In Schultz v. United States, the above median income Chapter 13 debtors from Tennessee brought an adversary proceeding seeking a determination that the “means testing” provisions of the Bankruptcy Abuse Prevention and Consumer Protection Act of 2005 (“BAPCPA”) violated the uniformity requirement of the Bankruptcy Clause of the United States Constitution. The parties cross-moved for summary judgment. The district court granted the government’s motion for summary judgment and dismissed the complaint. The Sixth Circuit affirmed.
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BAPCPA’s centerpiece is the imposition of a “means test” for Chapter 7 filers, which requires would-be debtors to demonstrate financial eligibility to avoid the presumption that their bankruptcy filing is an abuse of the bankruptcy proceedings. The debtors argued that because median-income calculations are based, at least in part, on the state and county in which the debtor resides, BAPCPA is not a uniform law under the Bankruptcy Clause of the Constitution. At the time of their Chapter 13 filing, the Debtors had an annualized current monthly income (“CMI”) of nearly $85,000 which is an amount that is above the median family income for a family of five in that state by over $22,000.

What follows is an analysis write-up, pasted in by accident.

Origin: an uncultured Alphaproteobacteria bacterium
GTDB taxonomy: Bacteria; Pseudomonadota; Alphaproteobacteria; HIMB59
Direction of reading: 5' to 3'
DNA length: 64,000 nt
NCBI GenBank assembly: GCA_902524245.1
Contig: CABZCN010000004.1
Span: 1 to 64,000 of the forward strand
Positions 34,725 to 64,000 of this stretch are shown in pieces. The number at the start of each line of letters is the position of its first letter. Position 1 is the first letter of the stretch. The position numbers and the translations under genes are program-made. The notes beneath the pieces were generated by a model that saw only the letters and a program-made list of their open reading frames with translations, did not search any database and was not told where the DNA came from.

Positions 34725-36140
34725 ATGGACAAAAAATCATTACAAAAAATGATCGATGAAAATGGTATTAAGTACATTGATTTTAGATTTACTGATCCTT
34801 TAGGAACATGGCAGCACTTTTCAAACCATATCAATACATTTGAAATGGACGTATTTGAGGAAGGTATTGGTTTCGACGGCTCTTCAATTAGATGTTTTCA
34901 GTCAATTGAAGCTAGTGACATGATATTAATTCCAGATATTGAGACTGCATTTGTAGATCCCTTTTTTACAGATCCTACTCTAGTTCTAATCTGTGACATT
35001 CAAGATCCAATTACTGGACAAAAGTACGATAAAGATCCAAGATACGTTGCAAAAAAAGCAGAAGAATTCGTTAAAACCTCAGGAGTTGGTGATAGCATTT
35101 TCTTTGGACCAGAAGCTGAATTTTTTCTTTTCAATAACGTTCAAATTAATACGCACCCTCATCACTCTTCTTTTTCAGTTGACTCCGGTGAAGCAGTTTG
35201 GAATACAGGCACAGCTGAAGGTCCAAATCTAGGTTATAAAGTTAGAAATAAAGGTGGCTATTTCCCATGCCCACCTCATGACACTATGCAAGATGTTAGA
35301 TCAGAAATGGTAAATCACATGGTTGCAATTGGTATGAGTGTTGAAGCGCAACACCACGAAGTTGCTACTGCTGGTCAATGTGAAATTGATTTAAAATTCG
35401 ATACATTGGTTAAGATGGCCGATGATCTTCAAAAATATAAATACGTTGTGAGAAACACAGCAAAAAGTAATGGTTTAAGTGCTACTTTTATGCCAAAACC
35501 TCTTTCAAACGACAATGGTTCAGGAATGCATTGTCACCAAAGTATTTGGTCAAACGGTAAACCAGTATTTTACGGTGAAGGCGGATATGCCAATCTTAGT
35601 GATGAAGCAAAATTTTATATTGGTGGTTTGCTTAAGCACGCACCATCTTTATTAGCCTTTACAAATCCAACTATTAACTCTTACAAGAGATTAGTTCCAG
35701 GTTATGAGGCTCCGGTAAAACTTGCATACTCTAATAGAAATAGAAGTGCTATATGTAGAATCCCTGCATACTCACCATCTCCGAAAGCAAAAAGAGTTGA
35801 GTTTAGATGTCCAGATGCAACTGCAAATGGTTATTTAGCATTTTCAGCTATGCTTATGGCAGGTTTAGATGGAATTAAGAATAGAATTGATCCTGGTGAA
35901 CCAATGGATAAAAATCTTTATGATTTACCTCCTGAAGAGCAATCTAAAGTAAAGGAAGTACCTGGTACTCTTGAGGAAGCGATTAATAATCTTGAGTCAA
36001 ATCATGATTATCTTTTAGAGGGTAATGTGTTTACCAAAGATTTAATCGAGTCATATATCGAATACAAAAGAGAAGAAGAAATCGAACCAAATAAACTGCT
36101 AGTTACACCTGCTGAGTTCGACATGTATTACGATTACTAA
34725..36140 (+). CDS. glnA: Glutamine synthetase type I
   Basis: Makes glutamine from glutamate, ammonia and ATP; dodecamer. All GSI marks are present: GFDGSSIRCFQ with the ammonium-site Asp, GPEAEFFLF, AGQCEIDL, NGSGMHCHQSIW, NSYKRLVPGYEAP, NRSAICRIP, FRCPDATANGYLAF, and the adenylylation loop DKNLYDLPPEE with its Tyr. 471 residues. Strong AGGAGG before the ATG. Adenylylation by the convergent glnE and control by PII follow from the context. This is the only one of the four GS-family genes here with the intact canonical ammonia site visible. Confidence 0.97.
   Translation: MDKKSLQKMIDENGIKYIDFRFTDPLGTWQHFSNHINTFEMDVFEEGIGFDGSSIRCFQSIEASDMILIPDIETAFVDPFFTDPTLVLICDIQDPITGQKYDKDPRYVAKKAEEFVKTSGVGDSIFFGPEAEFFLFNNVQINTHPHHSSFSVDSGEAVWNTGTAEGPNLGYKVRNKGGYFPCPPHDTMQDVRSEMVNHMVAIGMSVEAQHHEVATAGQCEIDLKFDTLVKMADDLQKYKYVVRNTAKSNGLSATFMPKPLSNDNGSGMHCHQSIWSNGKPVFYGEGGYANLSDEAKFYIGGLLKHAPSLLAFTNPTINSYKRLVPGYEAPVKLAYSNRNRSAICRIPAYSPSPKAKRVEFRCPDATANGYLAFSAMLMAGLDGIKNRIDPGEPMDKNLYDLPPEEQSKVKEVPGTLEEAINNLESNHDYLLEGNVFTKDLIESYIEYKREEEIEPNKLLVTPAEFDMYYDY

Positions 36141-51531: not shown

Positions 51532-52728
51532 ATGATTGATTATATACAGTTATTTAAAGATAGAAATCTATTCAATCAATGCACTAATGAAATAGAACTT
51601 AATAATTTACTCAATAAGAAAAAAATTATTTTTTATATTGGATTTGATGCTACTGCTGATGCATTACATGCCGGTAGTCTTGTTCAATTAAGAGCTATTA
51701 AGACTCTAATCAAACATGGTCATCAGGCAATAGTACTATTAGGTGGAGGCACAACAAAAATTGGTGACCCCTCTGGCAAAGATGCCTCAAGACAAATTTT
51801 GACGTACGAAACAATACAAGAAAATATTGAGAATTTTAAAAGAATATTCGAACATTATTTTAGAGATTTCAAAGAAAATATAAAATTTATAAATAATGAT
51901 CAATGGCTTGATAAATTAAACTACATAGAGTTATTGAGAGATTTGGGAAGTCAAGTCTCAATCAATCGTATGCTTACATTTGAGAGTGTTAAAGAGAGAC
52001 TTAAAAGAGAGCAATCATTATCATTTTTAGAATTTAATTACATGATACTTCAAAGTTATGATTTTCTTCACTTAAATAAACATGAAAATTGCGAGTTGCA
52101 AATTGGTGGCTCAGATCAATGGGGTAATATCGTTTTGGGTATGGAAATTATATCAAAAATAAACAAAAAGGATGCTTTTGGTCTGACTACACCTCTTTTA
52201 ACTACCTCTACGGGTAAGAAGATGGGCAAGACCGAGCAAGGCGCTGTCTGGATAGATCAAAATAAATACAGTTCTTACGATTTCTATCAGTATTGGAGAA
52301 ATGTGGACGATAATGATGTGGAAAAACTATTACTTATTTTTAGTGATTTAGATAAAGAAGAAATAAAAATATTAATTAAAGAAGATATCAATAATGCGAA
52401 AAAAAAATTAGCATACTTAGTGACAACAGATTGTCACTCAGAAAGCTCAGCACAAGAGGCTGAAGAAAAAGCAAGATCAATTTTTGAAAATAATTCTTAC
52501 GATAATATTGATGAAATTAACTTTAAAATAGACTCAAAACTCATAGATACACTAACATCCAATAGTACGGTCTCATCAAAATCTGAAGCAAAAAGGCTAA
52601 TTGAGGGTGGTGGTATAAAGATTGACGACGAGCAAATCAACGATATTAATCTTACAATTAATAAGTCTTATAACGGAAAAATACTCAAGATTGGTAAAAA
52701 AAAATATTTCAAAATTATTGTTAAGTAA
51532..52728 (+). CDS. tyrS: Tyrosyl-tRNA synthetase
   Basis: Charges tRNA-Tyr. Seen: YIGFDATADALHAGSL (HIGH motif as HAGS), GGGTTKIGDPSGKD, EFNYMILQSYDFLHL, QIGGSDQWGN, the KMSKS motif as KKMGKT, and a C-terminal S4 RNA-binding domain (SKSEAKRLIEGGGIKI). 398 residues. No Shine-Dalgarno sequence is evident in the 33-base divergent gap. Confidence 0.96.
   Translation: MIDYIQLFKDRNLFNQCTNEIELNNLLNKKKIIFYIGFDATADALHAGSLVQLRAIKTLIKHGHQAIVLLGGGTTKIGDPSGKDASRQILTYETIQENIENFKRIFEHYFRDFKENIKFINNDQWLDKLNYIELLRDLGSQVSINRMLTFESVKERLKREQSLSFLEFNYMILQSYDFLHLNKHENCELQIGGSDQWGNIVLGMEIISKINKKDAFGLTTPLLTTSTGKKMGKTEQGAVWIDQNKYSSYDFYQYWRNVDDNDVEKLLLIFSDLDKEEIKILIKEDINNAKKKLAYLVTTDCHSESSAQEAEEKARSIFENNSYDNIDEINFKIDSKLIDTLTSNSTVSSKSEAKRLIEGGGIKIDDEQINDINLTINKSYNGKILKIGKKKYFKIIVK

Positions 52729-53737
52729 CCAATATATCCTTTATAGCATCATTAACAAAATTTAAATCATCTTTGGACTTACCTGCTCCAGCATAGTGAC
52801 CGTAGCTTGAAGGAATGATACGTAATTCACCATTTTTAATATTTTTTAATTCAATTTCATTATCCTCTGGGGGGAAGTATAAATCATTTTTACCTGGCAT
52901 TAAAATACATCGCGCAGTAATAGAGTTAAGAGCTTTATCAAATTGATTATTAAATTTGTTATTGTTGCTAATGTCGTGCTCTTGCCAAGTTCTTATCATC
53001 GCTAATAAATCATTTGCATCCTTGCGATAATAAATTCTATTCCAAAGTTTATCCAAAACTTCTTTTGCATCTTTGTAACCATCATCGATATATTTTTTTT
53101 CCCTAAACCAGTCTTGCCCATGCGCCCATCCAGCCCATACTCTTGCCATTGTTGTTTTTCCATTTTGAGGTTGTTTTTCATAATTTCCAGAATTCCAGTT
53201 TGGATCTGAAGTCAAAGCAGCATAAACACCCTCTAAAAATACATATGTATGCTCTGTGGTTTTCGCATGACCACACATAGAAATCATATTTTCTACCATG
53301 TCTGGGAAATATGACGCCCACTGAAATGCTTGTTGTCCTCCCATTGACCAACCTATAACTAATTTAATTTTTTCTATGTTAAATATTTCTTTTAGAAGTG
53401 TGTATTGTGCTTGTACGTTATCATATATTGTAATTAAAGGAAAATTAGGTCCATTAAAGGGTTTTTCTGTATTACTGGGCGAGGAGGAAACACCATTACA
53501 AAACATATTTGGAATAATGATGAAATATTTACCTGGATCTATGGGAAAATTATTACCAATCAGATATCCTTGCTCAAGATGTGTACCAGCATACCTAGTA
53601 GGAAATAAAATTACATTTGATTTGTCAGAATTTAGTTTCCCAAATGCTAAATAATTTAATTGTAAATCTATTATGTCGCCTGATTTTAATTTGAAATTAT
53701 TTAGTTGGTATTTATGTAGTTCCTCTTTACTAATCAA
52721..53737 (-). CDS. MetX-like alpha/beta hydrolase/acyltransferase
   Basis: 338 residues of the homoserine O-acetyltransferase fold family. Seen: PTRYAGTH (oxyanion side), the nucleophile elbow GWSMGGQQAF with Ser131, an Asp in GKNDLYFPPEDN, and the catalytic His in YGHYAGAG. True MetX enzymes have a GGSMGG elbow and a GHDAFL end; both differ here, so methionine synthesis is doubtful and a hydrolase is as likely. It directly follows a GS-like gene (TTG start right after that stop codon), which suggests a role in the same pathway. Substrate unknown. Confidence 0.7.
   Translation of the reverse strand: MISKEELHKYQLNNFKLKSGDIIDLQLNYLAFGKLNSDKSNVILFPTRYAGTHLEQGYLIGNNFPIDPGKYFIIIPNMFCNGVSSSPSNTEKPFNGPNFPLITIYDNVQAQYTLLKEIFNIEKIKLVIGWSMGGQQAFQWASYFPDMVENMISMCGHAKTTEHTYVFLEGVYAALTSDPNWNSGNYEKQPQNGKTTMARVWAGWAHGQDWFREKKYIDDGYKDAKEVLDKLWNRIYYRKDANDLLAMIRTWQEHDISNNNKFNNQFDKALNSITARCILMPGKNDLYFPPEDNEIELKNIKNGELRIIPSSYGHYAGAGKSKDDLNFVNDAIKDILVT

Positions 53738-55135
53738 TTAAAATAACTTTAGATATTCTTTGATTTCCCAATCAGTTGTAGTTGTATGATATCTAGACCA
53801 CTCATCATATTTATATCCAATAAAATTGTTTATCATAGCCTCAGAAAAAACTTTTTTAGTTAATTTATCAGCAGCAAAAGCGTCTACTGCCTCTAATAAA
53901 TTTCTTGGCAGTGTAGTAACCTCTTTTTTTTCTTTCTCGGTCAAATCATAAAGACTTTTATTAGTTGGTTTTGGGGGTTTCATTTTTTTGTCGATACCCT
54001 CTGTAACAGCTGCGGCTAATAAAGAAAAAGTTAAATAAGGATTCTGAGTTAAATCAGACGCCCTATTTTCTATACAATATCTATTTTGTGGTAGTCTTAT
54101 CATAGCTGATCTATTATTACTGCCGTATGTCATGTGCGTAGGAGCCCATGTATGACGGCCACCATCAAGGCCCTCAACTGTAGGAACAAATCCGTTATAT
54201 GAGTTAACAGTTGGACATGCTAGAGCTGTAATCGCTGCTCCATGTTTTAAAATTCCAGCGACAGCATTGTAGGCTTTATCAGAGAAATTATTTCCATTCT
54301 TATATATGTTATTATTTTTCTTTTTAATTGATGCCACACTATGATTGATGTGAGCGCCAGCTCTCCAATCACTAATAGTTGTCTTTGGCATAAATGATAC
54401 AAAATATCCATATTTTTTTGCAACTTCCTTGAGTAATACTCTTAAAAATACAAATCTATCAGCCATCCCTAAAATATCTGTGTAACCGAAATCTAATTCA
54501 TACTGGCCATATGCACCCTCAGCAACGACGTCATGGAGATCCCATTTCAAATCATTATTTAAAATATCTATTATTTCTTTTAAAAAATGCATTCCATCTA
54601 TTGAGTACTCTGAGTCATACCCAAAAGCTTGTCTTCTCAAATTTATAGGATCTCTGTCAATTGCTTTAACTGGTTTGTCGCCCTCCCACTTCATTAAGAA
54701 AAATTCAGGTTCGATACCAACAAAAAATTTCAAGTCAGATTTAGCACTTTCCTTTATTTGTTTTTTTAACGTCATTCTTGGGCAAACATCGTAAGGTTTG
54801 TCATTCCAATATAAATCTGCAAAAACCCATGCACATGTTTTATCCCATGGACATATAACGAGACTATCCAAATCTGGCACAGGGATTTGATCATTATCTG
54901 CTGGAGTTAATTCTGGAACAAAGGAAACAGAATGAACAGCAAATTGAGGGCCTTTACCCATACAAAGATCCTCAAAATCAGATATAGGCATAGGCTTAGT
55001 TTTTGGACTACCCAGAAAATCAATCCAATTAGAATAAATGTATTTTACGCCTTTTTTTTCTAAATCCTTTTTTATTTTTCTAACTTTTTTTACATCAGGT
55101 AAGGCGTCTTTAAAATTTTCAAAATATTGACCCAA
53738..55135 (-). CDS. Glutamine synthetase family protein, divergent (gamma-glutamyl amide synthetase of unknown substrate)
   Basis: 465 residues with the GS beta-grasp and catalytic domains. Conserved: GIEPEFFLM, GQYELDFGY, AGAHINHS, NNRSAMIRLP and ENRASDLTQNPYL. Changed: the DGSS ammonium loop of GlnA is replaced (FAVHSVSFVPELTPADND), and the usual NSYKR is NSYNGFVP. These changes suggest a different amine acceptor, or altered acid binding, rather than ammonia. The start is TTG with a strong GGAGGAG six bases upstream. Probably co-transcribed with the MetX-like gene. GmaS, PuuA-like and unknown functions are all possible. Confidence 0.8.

However, their income was below the median family income of 7 other states.
The court concluded that BAPCPA is a constitutionally uniform law because Congress is allowed to distinguish among classes of debtors, and to treat categories of debtors differently, whether it be through the incorporation of varying state laws affecting dower, exemptions, the validity of mortgages, priorities of payment and the like.